B4231 - Psychological and neural correlates of excessive rationalisation in obsessive-compulsive disorder - 16/01/2023

B number: 
Principal applicant name: 
Elizabeth Kirkham | University of Edinburgh (Scotland, UK)
Dr Heather Whalley
Title of project: 
Psychological and neural correlates of excessive rationalisation in obsessive-compulsive disorder
Proposal summary: 

Obsessive-compulsive disorder (OCD) is common and often debilitating, yet it remains under-researched and poorly
understood. OCD usually develops during childhood or adolescence, often amidst stressful environments. This raises the
possibility that OCD emerges as a psychological strategy aimed at reducing the anxiety caused by unavoidable stressful
situations (such as domestic violence). I term this strategy “excessive rationalisation”. Neurologically, excessive
rationalisation might be related to prefrontal “control” brain regions trying too hard to calm down “anxious” limbic regions.
Previous research suggests that people who show these patterns of brain activity may get less benefit from OCD
treatment. Therefore improved understanding of these patterns of brain activity and related psychological mechanisms
could help the 30-40% of people whose OCD doesn’t respond to treatment. This project will therefore investigate the novel
concept of excessive rationalisation and how it relates to brain activity in people with OCD.

Growing up with OCD has given me a passion to advance our scientific understanding of this debilitating condition. The
initial idea for this research came from my perspective as a person with OCD. I then drew on my expertise in mental health
and neuroscience to translate the idea into a research proposal, and showed it to three external advisors who also have
OCD. They wrote that focusing on early life stress and treatment-resistance is a “really important” endeavour which could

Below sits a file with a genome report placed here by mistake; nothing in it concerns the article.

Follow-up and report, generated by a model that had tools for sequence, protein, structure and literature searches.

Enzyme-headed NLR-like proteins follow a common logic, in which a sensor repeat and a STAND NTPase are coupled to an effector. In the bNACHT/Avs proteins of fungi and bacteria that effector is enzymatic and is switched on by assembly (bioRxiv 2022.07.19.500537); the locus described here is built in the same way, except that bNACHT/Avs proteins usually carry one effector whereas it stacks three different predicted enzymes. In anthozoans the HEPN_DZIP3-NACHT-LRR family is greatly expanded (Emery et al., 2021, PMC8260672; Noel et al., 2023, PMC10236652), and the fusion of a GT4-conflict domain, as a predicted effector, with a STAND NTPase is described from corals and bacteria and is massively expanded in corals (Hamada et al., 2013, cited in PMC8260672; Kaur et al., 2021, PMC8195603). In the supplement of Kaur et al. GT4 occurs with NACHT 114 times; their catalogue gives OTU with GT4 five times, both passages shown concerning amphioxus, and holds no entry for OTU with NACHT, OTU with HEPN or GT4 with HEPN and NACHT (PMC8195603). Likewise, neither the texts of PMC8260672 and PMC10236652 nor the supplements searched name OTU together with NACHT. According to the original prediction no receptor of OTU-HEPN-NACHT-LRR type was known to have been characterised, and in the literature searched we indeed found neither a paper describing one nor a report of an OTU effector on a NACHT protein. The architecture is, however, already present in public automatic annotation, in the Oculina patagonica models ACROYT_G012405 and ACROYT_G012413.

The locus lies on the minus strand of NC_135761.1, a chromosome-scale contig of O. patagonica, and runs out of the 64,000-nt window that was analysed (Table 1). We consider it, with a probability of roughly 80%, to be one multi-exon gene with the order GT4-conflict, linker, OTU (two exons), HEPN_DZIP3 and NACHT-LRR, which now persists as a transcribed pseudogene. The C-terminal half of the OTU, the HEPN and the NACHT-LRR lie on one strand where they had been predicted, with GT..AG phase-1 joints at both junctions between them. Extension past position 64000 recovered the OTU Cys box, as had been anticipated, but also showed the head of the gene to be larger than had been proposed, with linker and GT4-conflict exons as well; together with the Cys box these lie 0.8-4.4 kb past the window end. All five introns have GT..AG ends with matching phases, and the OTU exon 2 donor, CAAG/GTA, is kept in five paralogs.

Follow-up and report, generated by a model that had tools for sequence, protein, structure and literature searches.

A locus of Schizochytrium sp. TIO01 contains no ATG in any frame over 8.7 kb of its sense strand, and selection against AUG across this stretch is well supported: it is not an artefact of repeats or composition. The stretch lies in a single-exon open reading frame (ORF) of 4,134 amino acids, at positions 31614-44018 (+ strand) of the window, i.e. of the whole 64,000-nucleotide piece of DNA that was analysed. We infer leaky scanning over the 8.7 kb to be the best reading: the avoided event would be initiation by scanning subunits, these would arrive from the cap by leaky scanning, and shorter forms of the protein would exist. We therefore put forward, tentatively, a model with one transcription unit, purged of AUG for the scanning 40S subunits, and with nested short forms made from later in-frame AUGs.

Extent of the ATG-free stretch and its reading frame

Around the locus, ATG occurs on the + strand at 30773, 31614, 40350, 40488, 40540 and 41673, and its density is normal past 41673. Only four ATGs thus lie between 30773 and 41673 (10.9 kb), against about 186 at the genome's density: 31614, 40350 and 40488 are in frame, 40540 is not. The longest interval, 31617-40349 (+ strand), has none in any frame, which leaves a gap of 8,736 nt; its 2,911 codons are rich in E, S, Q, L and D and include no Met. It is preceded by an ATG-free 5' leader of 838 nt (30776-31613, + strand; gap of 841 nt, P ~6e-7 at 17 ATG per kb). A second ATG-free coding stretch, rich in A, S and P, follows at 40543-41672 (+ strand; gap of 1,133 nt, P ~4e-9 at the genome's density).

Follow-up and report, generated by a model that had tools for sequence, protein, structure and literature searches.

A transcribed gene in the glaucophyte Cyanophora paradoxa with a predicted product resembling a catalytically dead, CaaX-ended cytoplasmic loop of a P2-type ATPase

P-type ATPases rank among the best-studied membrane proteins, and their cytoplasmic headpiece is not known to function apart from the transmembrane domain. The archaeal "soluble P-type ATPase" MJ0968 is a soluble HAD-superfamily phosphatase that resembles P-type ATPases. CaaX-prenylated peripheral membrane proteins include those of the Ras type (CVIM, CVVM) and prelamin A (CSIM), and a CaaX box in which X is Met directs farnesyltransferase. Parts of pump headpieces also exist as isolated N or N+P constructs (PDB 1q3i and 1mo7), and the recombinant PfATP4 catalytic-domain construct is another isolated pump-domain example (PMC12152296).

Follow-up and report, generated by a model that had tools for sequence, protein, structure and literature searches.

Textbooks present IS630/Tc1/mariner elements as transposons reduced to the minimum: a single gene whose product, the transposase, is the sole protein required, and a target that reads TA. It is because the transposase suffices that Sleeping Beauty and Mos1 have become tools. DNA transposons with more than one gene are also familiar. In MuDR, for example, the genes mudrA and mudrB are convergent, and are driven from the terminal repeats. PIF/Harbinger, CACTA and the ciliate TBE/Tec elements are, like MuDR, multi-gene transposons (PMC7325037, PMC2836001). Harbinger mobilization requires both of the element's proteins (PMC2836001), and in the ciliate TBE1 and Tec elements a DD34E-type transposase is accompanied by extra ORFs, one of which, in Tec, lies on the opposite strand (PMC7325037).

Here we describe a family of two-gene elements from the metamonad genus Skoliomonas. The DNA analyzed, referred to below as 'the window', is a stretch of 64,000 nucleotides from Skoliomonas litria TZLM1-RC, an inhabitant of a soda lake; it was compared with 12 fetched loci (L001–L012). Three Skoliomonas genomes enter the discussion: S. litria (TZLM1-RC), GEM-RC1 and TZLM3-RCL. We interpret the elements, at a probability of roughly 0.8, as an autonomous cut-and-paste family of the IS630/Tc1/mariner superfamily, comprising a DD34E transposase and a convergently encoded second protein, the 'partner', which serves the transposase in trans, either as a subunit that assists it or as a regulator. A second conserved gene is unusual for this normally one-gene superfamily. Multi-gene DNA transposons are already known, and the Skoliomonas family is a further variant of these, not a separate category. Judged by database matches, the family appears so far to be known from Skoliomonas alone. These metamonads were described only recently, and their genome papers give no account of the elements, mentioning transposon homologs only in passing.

plug a significant gap in our understanding and treatment of OCD. After reading the proposal one person wrote, “this
research gives people like me some hope.”

Impact of research: 
My research will likely lead to new ways of understanding OCD, a mental health condition which is common and highly disabling, yet chronically under-researched. Given the lack of existing research which takes either a longitudinal or neuroscientific approach to OCD, any findings from this project are likely to "punch above their weight" in terms of impact in the mental health research sphere. In addition, I am hoping that successful research using ALSPAC will help me make a stronger case for inclusion of OCD measures in other imaging cohorts, such as UK Biobank.
Date proposal received: 
Thursday, 22 December, 2022
Date proposal approved: 
Wednesday, 4 January, 2023
Mental health - Psychology, Psychiatry, Cognition, Mental health, Medical imaging, Qualitative study, Statistical methods, Cohort studies - attrition, bias, participant engagement, ethics, Childhood - childcare, childhood adversity, Cognition - cognitive function, Development, Equipment - MRI, Environment - enviromental exposure, pollution, Neurology, Psychology - personality, Social science